it came from would be better. But in the end all this does is bring
everything up to the same standard that was set around 20 years ago.

> I also don't happen to believe in all this "teaching creativity"
> crap. Kids
> start out creative, and learn not to be. Some survive their
> "education" with
> their creativity intact. Business classes, such as learning
> "brainstorming,"
> are not about creativity.

Well thanks for keeping it constructive... I don't know what "all
this teaching creativity crap" is, and I certainly said nothing about
business classes or brainstorming.

As it happens I also believe most kids start out creative, and I also
believe that this can be encouraged and nurtured. My point was that
we are better off teaching kids to learn, think and be creative than
we are giving them a new set of principals or fundamentals that are
right now, but most likely won't be right in their future.

--
Chris McLay ...// interaction & visual designer

Email chris at eeoh.com.au
Web http://www.eeoh.com.au/chris/

6 Oct 2006 - 3:51pm
jbellis
2005

Chris,
My sincere apologies for appearing to attack another position that wasn't
yours, as if it were. I was addressing the broader efforts I hear about that
attempt foster creativity.

But as to things that "likely won't be there in the future," that's
precisely the point on which we disagree. I think that user experience is
based on all the things that started in approx '84, and will persist for a
long time: explicitness, persistence, retaining investment in work,
accuracy, supporting multiple metaphors, allowing any order, ad infinitum.
These will be necessary even if we stick our computers in our ears as some
do their phones.

I personally think that history shows us, that just as the appearance of
newspapers has persisted for hundreds of years, the point-and-click
interface may be perfectly suitable for another 20 years. (I first wrote
"50" but backed off, so maybe I'll be quoting you in 2026, when software
uniformly achieves explicitness or no longer needs it because stuff goes
right into our brains, but I'm doubtful.)

-Thanks, Jack

----- Original Message -----
From: "Chris McLay" <chris at eeoh.com.au>

>I certainly said nothing about
> business classes or brainstorming.
>
> As it happens I also believe most kids start out creative, and I also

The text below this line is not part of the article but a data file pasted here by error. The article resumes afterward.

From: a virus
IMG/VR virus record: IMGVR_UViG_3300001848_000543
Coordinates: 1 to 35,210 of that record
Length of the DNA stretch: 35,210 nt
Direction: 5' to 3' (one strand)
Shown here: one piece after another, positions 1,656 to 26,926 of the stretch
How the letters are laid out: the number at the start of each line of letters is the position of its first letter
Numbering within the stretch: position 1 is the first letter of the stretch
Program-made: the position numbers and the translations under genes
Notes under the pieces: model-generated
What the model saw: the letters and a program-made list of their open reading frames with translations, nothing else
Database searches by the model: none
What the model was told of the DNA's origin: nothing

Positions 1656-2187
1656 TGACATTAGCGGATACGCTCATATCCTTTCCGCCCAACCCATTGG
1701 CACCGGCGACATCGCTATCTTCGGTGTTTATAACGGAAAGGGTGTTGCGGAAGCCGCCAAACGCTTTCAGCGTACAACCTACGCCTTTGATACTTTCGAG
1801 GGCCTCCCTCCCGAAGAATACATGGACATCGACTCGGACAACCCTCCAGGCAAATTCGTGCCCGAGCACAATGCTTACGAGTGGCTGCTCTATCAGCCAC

> believe that this can be encouraged and nurtured. My point was that
> we are better off teaching kids to learn, think and be creative than
> we are giving them a new set of principals or fundamentals that are
> right now, but most likely won't be right in their future.

6 Oct 2006 - 7:34pm
Chris McLay
2005

On 07/10/2006, at 4:51 AM, jackbellis.com wrote:

> But as to things that "likely won't be there in the future," that's
> precisely the point on which we disagree. I think that user
> experience is
> based on all the things that started in approx '84, and will
> persist for a
> long time: explicitness, persistence, retaining investment in work,
> accuracy, supporting multiple metaphors, allowing any order, ad
> infinitum.
> These will be necessary even if we stick our computers in our ears
> as some
> do their phones.

May be it's a matter of terminology and semantics, or specifics, but
this is why I was advocating improved knowledge and training in the
areas of design and creativity. The type of things that don't change
are low level, but how we need to apply them does change, and this
requires high level skills an understanding.

Maybe WIMP interfaces are pretty amazing for desktop work - maybe we
just need to refine their poorer implementations...

Chris

7 Oct 2006 - 12:37pm
Michael Albers
2005

When I teach my technical communication classes, I tell the students
they must include graphics. I get totally blank looks and finally
someone asks where do they get them. They have absolutely no idea
how to even roughly sketch out a graphical idea. And I don't require
a finished diagram, all they need is something that could be passed
to a graphic artist. A technical writer doesn't need to know how to
draw, just know what needs to be drawn.

Of course, the last art class most kids have is around 8th grade. And
that was fine art, not technical art. Their entire vision of creating
stuff is writing double spaced text which says what the teacher told
them to say.